Tripwire on Security Flaws in Samsung SmartThings IoT Consumer Platform

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Researchers at the University of Michigan have discovered several security flaws in Samsung’s SmartThings Internet of Things consumer platform, allowing them to hack into the platform’s automation system and gain control over a user’s home system.

While they did not really reveal a lot of specific details, Craig Young, Cybersecurity Researcher for Tripwire says,

“One issue might be some 3rd party apps for Android that are not properly using SSL leading to intercepted OAUTH tokens. The other aspect of this research addresses questions of developer trust as they showed that they could write a battery check app with hidden malicious functionality.  This is a very serious problem across the industry as software development moves from big firms with reputations at risk to somewhat anonymous developers sometimes with minimal legal exposure.”

Craig explains,

“One way to limit exposure to these risks could be to use scanning technology to enumerate what device functionality is accessed on an app and compare whether it makes sense with the stated purpose of the app.  Unfortunately attackers can still circumvent this logic somewhat by carefully selecting the advertised functionality of a malicious app.  Another option is to request permission from users each time a sensitive operation is to be performed but this can become an annoyance and may hinder productivity.”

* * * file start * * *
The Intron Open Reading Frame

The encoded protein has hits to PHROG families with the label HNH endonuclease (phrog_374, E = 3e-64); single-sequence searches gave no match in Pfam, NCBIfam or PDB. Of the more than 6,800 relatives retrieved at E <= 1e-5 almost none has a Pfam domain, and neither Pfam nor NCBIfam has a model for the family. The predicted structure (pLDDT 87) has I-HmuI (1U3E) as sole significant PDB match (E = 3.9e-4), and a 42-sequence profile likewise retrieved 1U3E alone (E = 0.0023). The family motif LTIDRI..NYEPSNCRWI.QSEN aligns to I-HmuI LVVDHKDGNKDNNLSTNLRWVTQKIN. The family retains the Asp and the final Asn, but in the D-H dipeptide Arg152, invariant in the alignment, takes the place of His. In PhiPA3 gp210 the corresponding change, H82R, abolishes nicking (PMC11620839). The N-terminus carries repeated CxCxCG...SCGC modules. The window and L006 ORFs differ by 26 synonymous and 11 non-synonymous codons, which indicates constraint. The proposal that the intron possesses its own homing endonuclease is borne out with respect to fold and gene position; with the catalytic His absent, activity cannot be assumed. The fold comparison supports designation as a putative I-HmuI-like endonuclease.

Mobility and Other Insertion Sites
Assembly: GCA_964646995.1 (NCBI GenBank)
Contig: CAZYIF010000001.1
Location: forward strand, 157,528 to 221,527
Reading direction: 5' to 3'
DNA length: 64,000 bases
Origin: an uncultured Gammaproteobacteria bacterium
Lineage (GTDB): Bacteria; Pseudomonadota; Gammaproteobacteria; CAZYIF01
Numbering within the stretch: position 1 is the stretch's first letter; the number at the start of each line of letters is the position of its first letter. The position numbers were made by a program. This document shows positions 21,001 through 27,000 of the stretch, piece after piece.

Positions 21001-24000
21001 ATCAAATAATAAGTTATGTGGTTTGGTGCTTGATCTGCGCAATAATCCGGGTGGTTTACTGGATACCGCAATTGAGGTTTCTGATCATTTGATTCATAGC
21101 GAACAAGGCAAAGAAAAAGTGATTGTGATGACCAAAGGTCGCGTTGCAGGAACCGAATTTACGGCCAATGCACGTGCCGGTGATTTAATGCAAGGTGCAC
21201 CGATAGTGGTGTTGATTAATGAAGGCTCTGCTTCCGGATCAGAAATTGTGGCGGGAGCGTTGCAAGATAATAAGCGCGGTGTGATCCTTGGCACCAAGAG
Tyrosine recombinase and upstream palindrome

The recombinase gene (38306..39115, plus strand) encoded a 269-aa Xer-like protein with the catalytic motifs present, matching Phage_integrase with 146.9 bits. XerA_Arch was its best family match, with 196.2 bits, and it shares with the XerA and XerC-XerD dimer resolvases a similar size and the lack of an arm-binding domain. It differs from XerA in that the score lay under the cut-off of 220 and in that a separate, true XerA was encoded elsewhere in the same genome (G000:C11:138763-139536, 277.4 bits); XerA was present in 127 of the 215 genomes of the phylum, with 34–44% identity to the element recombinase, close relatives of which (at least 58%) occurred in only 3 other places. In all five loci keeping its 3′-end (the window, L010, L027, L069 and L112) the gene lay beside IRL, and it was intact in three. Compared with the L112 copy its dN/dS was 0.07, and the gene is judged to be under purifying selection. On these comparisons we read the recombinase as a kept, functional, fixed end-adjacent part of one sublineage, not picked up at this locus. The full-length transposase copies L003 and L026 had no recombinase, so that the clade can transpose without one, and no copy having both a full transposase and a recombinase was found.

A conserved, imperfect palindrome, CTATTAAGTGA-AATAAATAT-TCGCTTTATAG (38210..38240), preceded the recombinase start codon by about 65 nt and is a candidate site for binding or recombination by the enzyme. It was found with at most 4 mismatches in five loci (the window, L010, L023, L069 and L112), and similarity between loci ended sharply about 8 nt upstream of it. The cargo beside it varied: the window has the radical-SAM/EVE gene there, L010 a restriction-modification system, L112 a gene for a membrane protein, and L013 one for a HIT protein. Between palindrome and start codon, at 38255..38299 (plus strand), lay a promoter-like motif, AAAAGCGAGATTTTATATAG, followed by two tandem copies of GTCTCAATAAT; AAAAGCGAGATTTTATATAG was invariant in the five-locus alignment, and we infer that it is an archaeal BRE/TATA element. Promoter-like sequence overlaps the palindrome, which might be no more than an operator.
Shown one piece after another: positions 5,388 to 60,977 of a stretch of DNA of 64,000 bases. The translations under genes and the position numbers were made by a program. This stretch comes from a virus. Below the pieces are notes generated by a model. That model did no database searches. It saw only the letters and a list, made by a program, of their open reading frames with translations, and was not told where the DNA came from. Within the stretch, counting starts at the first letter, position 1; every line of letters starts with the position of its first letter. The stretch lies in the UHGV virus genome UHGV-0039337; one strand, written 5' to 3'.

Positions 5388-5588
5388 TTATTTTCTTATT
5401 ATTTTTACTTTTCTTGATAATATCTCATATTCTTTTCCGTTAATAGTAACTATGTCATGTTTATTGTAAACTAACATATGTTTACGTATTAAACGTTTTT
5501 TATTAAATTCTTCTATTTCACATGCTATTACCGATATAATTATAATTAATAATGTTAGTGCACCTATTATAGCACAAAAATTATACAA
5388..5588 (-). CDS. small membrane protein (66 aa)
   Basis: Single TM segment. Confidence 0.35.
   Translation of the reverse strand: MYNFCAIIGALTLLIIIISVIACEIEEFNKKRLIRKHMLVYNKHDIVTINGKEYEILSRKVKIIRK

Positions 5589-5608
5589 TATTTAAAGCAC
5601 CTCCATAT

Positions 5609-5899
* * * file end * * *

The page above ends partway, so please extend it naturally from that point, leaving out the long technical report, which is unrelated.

CraigYoungCraig Young is a computer security researcher with Tripwire's Vulnerability and Exposures Research Team (VERT). He has identified and responsibly disclosed dozens of vulnerabilities in products from Google, Amazon, IBM, NETGEAR, Adobe, HP, Apple, and others. His research has resulted in numerous CVE assignments and repeated recognition in the Google Application Security Hall of Fame. Craig's presentations on Google authentication weaknesses have led to considerable security improvements for all Google users. Craig won in track 0 and track 1 of the first ever SOHOpelessly Broken contest at DEF CON 22 by demonstrating 10 0-day flaws in SOHO wireless routers. His research into iOS WiFi problems more recently exposed CVE-2015-3728 that could allow devices to inadvertently connect to malicious hot spots. Craig has more recently turned his attention to a different part of the wireless spectrum with research into home automation products as well as RFID/NFC technology.

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